On Community Service

i realize now that, back when i wrote the reply to this message (a handful of questions sent to me via the hac’s myspace page), my mind had already been made up to step down from the board. this was perhaps two weeks ago, or a week or so prior to when i submitted my resignation. it’s worth a read for those interested in creating their own d.i.y. space.

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Here are some answers to your questions you sent to our MySpace account; hopefully they’re sufficient.
1. When/how did the Hamilton Arts Collective begin and why?

I’d been working with a grassroots community theatre group in the same building in which we operate now starting in January of 2003, and that theatre company dissolved at the end of February 2006. We were very close to completing the paperwork needed to become a non-profit organization, so I decided to keep things going in that same space. I started the Hamilton Arts Collective (the HAC) with a handful of other creative friends of mine in March of 2006. We were all a bunch of theatre, music-making, and filmmaking junkies, and we liked the idea of hosting our own shows. While in the theatre company, I’d created a model for a hosting program for artists that needed a place to perform, and we decided to carry on that model into the future. Later we partnered with several groups, most notably the Herring Run Artists Network, who were instrumental in creating the art gallery we have. Other performance-based partnerships (such as with Baltimore Improv Group, MT6 Records, and Hole In The Wall Cabaret) all came about eventually because we’d hosted several shows of theirs over time.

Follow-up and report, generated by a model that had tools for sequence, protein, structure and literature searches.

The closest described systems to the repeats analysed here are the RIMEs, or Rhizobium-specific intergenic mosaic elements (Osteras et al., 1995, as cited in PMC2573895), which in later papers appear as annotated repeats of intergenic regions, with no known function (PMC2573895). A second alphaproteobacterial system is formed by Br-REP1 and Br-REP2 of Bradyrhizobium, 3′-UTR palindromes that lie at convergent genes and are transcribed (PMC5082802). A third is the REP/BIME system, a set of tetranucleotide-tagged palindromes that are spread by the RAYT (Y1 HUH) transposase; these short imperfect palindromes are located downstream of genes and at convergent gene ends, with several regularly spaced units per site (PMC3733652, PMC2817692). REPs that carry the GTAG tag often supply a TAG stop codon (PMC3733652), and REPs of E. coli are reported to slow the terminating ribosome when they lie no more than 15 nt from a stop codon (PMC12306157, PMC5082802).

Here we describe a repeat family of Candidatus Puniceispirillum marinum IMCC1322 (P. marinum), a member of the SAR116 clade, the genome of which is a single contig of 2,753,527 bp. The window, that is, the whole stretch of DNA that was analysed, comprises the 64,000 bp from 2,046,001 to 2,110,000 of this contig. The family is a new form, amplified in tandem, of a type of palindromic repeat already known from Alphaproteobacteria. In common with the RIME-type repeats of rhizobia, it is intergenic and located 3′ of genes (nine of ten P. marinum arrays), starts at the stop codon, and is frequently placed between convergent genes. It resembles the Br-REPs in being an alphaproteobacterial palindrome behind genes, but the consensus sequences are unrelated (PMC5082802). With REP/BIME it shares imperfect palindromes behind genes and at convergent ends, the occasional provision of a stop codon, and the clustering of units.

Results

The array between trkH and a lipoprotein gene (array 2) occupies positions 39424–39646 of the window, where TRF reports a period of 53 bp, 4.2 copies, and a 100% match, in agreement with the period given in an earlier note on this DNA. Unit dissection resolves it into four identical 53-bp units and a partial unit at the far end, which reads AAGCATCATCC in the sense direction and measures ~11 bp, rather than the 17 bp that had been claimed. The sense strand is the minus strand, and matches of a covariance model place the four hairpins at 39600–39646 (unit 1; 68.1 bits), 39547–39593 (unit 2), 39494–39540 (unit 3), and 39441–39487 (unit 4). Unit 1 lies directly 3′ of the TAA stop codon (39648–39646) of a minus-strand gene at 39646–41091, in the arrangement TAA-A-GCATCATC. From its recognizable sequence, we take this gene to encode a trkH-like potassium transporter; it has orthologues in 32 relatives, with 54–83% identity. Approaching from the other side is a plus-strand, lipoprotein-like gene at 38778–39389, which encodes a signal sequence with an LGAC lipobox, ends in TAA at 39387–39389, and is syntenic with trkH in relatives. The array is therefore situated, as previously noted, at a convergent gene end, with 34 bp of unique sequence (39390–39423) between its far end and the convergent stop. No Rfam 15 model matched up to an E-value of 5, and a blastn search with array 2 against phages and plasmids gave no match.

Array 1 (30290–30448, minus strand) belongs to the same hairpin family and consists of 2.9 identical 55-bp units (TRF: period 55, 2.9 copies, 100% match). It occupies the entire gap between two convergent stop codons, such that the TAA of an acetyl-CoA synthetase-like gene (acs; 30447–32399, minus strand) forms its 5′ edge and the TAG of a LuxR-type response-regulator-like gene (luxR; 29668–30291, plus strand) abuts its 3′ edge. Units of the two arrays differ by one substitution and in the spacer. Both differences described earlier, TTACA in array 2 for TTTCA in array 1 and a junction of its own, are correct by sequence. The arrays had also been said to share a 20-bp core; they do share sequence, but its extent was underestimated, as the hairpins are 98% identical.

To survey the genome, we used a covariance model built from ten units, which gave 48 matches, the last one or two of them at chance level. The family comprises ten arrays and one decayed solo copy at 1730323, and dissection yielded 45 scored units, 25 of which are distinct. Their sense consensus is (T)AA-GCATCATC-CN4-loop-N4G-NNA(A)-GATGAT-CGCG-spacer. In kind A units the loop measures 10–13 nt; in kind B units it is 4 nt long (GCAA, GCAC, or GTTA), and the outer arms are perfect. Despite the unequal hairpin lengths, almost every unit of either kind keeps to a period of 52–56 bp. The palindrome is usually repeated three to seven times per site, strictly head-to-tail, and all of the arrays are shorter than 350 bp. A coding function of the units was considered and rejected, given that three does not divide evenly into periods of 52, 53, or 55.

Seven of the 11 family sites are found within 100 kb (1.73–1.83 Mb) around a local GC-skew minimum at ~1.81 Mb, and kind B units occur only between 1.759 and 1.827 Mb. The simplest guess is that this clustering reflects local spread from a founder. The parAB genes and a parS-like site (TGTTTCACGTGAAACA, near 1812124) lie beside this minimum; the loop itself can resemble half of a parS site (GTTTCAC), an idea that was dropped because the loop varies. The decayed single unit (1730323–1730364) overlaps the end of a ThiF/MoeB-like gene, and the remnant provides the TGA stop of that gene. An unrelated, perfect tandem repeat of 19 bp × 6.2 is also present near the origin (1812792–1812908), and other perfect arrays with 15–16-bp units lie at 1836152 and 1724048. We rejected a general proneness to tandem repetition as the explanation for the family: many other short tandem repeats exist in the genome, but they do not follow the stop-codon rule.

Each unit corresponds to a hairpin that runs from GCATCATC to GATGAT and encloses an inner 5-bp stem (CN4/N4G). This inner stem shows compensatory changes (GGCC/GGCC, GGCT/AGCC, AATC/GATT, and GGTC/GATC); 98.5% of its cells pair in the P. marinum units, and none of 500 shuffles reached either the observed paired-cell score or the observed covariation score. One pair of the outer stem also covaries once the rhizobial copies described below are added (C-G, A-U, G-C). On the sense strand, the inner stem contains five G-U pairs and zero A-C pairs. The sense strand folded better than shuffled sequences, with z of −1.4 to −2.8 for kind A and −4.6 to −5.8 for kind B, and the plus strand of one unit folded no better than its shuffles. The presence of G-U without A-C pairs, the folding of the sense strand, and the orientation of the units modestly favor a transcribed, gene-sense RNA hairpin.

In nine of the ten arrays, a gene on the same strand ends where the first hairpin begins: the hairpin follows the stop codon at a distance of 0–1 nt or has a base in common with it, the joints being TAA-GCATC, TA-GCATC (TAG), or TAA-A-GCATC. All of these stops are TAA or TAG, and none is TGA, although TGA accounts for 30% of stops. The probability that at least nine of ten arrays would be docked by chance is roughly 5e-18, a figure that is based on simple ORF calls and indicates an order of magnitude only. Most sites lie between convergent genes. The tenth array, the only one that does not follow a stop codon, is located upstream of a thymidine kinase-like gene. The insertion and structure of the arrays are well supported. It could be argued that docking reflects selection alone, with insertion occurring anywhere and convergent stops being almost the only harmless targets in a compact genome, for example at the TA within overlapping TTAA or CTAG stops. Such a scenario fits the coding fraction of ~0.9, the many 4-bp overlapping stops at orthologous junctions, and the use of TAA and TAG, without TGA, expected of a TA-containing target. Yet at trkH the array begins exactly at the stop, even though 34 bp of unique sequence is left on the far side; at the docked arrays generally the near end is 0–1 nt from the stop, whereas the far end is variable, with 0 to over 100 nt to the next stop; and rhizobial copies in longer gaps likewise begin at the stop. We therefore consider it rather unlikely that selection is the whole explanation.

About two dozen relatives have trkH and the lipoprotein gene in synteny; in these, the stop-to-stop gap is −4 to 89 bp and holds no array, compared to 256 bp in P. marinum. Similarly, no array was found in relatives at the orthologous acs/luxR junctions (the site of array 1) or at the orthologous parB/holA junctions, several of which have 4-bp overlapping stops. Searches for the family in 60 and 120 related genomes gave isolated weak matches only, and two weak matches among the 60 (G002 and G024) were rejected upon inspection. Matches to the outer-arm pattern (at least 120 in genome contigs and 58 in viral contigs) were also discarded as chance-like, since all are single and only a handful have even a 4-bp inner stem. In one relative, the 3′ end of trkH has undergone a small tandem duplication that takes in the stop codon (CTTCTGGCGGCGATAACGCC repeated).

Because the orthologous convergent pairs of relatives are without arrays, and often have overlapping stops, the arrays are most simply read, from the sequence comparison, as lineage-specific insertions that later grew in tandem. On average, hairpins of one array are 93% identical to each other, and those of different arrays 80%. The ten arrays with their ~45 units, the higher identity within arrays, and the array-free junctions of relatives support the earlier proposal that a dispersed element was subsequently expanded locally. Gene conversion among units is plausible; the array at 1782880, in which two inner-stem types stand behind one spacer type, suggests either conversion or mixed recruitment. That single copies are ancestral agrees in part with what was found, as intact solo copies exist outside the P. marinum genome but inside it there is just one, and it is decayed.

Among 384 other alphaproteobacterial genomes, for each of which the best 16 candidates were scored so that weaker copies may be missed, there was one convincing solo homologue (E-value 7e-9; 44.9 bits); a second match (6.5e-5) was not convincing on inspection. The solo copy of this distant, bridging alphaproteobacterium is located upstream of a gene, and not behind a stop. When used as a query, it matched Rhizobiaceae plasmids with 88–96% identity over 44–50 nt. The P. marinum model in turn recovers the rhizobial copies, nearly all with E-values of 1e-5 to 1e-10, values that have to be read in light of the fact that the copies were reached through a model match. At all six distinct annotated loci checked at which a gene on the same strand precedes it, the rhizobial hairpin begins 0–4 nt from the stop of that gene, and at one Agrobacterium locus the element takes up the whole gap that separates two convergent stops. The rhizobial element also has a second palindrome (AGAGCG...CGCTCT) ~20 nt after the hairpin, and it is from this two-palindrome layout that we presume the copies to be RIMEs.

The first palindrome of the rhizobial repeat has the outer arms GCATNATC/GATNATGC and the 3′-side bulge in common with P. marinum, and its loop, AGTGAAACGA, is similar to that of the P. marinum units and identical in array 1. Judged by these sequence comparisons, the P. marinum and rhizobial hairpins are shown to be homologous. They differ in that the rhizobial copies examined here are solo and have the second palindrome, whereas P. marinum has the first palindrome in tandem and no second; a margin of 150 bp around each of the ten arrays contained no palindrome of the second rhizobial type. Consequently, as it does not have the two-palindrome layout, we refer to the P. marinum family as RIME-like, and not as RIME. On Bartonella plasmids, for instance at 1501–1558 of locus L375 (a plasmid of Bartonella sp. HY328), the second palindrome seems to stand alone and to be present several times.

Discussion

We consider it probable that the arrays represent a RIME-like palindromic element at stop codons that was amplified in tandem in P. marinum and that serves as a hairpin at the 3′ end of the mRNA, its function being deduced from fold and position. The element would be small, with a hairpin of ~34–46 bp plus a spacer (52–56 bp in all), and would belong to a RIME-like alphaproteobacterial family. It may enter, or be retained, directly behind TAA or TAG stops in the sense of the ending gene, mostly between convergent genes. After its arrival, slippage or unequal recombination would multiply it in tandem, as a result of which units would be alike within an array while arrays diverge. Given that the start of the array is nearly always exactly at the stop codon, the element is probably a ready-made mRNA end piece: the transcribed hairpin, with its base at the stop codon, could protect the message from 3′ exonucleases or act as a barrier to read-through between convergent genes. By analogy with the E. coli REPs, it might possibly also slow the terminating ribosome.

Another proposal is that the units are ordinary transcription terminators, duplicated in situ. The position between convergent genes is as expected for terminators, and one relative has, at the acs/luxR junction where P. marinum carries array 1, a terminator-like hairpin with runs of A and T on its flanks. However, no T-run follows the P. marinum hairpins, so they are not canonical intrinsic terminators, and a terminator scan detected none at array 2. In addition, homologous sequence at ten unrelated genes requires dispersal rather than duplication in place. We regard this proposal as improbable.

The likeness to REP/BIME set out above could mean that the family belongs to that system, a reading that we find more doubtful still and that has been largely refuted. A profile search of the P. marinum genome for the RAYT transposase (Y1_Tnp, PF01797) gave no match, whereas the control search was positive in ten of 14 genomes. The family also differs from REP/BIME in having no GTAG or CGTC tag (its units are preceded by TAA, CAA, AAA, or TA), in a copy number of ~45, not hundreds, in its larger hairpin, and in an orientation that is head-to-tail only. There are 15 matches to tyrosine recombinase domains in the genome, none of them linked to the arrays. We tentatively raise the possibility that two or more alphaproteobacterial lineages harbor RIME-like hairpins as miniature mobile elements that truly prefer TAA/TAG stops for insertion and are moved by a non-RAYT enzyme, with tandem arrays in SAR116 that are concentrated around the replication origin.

Our mission statement has stayed the same ever since we started this: create a safe space for performers of all types to present their works; promote our neighbourhood creative pursuits and businesses by bringing activity to the area; keep everything as affordable as possible to all involved. It’s been great for our area, and it’s a mission statement I can truly stand behind.

2. What are the advantages/disadvantages of being a DIY space – how have you dealt with problems in the past?

The main advantage is that you can do whatever the hell you want to do. Want to have a zombie b-horror movie marathon? No problem. Want to host a live music show featuring bands you’ve never heard before? Absolutely. Want to host a board game night and potluck? Go right ahead.

Of course, the disadvantages emerge once the authorities catch wind that you’re having public assembly in a space they deem unsafe for large groups of people.

3. Have you ever faced any problems with the law/licensing issues?

Quite a few actually, and in fact our performance space is currently closed for renovation now that we need to address a laundry list of fire-code compliance issues presented to us by the fire inspector. I remember the week the captain of the northeast district of police came up to the performance space while I was readying it for a show; he brought the sergeant in charge of permits and licenses up with him on his second visit that week, and in a matter of minutes said the space was closed down. Just like that, our months of work vaporized. It was pretty heartbreaking to me, personally.